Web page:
I put my love of animation and cartooning all the way back to my childhood. Me and my sister were often shipped off to my grandparents to babysit whilst my parents were working, and to the pass the time while I was there, I often selected a tome from the cavernous bookshelves in my grandparents living room, sat back in an old recliner and read page after page of Peanuts, or Hagar the Horrible, or the New Yorker compilations of cartoons of the year. Whilst other grandparents I knew had old Readers Digest novel compilations and the like littering their shelves, my grandfather was different. My grandfather, John Power, was a cartoonist.
You won't have heard of him, virtually no-one has outside of the cartooning fraternity of the time he was working, but he was a cartoonist and a gagwriter nonetheless, and that just meant the world to me. Once I found out that the cartoons I was seeing in these books had sometimes been made from a gag suggested to Chon Day, or Mischa Richter, or Bill Hoest, or Don Orehek, (if you know those names, I salute your nerdiness) and that this work had then gone on to be published in Punch, or Playboy, or best of all The New Yorker, my adulation for him grew and grew and grew.
Never mind the fact I couldn't draw (I still can't for that matter) from the moment I knew of his trade, I wanted to emulate him in every way possible. To his credit, my grandfather taught me what could be taught to a over-enthusiastic nine year old with saveloys for fingers. The importance of a clean and clear line. The basics of displaying character emotion, and perspective. Most importantly of all, how to draw a cartoon suit. None of these lessons, bar the last one has stayed with me. I may break down in tears in envy at the skill and quality of some of the work and fan-art I see online, but if you want a stereotypical business suit circa 1954 drawn from a face-on perspective, I'm your guy.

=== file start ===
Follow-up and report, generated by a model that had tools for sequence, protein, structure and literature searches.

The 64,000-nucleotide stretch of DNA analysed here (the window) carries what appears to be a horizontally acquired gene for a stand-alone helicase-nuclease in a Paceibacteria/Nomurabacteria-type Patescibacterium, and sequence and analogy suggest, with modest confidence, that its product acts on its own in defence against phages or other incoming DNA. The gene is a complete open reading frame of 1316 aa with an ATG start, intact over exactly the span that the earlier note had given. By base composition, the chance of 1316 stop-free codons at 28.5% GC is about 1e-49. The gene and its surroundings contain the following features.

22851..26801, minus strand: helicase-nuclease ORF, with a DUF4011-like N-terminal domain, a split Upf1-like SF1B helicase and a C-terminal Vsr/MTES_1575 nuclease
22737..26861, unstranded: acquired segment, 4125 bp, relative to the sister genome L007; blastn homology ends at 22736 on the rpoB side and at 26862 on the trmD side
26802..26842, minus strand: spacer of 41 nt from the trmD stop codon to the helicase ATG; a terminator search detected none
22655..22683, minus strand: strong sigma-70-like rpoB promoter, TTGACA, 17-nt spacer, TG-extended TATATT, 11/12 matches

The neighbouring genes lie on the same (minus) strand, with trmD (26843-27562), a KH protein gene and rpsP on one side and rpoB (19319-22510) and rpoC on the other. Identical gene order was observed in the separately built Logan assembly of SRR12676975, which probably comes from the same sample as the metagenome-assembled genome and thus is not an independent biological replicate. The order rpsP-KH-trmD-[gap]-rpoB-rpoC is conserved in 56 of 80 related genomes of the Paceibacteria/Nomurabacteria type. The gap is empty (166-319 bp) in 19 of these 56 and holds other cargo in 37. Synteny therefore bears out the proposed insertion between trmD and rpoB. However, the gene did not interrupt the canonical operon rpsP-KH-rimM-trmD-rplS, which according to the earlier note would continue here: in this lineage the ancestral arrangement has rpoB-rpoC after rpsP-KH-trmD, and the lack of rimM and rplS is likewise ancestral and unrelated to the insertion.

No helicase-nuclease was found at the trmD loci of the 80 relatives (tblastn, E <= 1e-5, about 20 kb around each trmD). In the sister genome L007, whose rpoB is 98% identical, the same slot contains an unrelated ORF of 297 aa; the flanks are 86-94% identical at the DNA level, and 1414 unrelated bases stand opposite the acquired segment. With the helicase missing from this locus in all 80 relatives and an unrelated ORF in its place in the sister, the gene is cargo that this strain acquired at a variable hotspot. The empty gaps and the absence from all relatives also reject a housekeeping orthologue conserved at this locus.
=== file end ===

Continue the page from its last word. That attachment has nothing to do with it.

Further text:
The dream to be a cartoonist soon faded, but my admiration of my grandfather and love of cartoons and comics grew further. I became quite the precocious connoisseur, for instance harbouring especial fancies of the mordant humour of Sam Gross, or the distinctive art style of George Booth above others. These cartoons took me to an absurdist and strange world, and its comics like these I have to thank for forming my sense of humour (for better or worse) I eventually became so entranced with these miniature worlds of whimsy and morbidity, I repeatedly begged my grandfather to give me one of his cartoon books. He could have easily refused, given how precious they were as a reminder of a life of work to him, but he eventually relented and allowed me to choose one. I chose a compilation of the best New Yorker cartoons of 1962, to which he inscribed using his scratchy ink pen 'To Oscar, with love from Grandad- April 2000.' He said in his twinkling way afterwards, so as you never could tell whether he was being facetious or not 'I may leave you some books in my will then.' I thought nothing of it at the time, I just held onto this book like a sacred talisman thereafter. I have the very same book before me now. It's a bit battered after being moved around various bookshelves for fourteen years or so, but still intact. According to an address stamp on the inside cover, I notice it belonged to Dick Wingert, friend to my grandfather, and the creator and artist of cartoon-strip non entity Hubert, a strip so dull hardly anyone remembers its existence, despite running for nearly fifty years. But lets move on.